A growing field of research focused on the mental-emotional impact of medical diagnoses argues for more empathetic patient-provider relationships.
The emotional impact of diagnoses can alter a patient’s ability to maintain their cognitive autonomy due to increased levels of stress and anxiety, according to a paper by UC Berkeley professor of bioethics Dr. Jodi Halpern, who is also a part of the UCB-UCSF Joint Medical Program.
In this paper, Halpern draws on her experience working with a patient, whom she refers to as Ms. G, who began refusing lifesaving treatment. Ms. G also suffered an inability to make decisions around her treatment after an above-the-knee amputation, according to Halpern.
“The medical team thought they were respecting her autonomy by just basically helping her end her life quickly,” Halpern said. “No one had the training or education in how people’s capacity to make autonomous decisions is different in contexts where they’re treated without empathy.”
Halpern’s study, published in the Journal of Evaluation in Clinical Practice on May 31 aims to provide a framework for healthcare professionals when interacting with patients experiencing impaired decision-making due to psychological distress.
According to Halpern, this framework relies on medical professionals’ empathetic curiosity and active reinforcement of patient autonomy.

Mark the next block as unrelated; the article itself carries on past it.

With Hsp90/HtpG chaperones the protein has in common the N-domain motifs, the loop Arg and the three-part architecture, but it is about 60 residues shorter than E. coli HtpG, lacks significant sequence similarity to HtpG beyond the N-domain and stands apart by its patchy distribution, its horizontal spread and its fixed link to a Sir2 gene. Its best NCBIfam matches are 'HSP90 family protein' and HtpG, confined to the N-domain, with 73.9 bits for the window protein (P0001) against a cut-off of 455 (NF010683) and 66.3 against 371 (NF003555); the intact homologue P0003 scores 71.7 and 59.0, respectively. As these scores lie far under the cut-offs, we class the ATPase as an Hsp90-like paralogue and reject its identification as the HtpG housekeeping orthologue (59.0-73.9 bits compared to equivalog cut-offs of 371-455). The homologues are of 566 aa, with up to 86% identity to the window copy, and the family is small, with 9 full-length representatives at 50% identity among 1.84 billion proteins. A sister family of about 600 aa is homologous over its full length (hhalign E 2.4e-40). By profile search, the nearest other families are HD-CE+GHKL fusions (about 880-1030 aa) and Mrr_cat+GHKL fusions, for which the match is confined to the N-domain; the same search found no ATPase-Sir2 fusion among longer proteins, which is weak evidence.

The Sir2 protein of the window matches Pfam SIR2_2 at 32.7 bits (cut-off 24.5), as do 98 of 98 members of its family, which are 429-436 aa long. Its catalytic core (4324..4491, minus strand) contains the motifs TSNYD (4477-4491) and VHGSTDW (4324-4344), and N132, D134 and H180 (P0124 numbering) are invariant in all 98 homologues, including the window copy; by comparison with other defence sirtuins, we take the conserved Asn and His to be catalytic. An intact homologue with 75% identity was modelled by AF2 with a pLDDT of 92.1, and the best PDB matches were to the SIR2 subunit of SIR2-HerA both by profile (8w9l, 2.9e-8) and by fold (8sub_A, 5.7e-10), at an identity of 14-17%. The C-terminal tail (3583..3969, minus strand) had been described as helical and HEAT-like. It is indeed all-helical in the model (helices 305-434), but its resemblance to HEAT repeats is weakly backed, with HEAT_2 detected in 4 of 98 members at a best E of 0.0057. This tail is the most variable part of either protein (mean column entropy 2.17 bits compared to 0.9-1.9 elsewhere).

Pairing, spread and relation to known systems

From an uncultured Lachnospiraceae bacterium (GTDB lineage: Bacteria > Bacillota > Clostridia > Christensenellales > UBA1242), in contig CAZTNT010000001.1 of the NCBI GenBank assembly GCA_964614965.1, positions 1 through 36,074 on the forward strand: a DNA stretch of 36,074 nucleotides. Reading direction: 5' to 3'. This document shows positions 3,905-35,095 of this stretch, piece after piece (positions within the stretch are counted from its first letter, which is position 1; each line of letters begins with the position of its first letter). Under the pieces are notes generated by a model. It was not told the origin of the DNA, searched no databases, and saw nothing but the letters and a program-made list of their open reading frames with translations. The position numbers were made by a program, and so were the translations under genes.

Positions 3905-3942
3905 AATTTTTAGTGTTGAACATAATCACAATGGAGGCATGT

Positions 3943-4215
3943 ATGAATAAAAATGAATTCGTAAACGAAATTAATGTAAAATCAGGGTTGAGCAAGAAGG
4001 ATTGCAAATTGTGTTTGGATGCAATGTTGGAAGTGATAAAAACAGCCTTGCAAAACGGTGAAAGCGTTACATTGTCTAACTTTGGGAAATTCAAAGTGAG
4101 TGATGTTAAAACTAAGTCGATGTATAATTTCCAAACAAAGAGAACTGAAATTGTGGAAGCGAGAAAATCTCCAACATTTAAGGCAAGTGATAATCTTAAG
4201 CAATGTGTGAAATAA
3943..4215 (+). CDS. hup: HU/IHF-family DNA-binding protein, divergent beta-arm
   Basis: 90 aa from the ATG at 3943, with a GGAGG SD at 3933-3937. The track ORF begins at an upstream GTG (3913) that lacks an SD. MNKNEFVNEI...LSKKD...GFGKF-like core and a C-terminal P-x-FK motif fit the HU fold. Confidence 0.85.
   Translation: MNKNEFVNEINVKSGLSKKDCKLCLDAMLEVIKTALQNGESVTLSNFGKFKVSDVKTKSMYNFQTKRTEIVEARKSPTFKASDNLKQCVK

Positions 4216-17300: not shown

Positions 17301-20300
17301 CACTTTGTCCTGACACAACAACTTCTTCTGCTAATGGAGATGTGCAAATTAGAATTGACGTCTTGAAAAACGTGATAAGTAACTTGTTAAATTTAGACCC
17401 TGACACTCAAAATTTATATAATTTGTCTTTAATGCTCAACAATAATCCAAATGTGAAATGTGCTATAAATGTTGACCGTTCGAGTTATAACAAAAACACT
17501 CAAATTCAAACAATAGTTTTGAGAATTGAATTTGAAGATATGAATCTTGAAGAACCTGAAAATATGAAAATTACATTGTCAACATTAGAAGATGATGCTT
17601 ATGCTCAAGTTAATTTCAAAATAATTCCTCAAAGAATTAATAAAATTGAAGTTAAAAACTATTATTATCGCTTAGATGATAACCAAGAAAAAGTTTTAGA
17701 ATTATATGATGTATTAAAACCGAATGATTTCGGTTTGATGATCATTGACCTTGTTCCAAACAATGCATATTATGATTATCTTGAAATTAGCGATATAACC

“The concept of empathic curiosity is to realize that we make assumptions about other people,” Halpern said. “We never know about another person’s world and don’t know what other people feel. The worst thing we can say to somebody else is, ‘I know how you feel.’”
Halpern described empathetic curiosity as an attitude that rejects assumptions about other people’s experiences and promotes doctors and nurses working from a place of genuine interest. She added that allowing patients to own their experiences can empower them to make their own decisions on medical treatments.
Working from a place of empathy encourages an emotional connection between patient and provider and challenges past standards of “emotionally detached” patient-doctor relationships, Halpern said. According to Halpern, an emotional connection on some level is central to medical practices and past standards ignore an individual’s implicit biases.
Haplern said she became interested in the necessity of forming an emotional bond with patients during her time in medical school when she observed the impact that a terminally ill mother’s diagnosis had on her daughter.
“She was sobbing, the woman was probably in her 20s, (and) my heart broke for her,” Halpern said. “I said to the team that we want to talk about the emotions involved and they very much felt, at that time, it was unprofessional to even get involved with patients’ emotions.”
Halpern noted that recently there’s been an increased emphasis on the emotional aspects of medical care and students are being trained on how to connect with patients through modules, films and clinical work.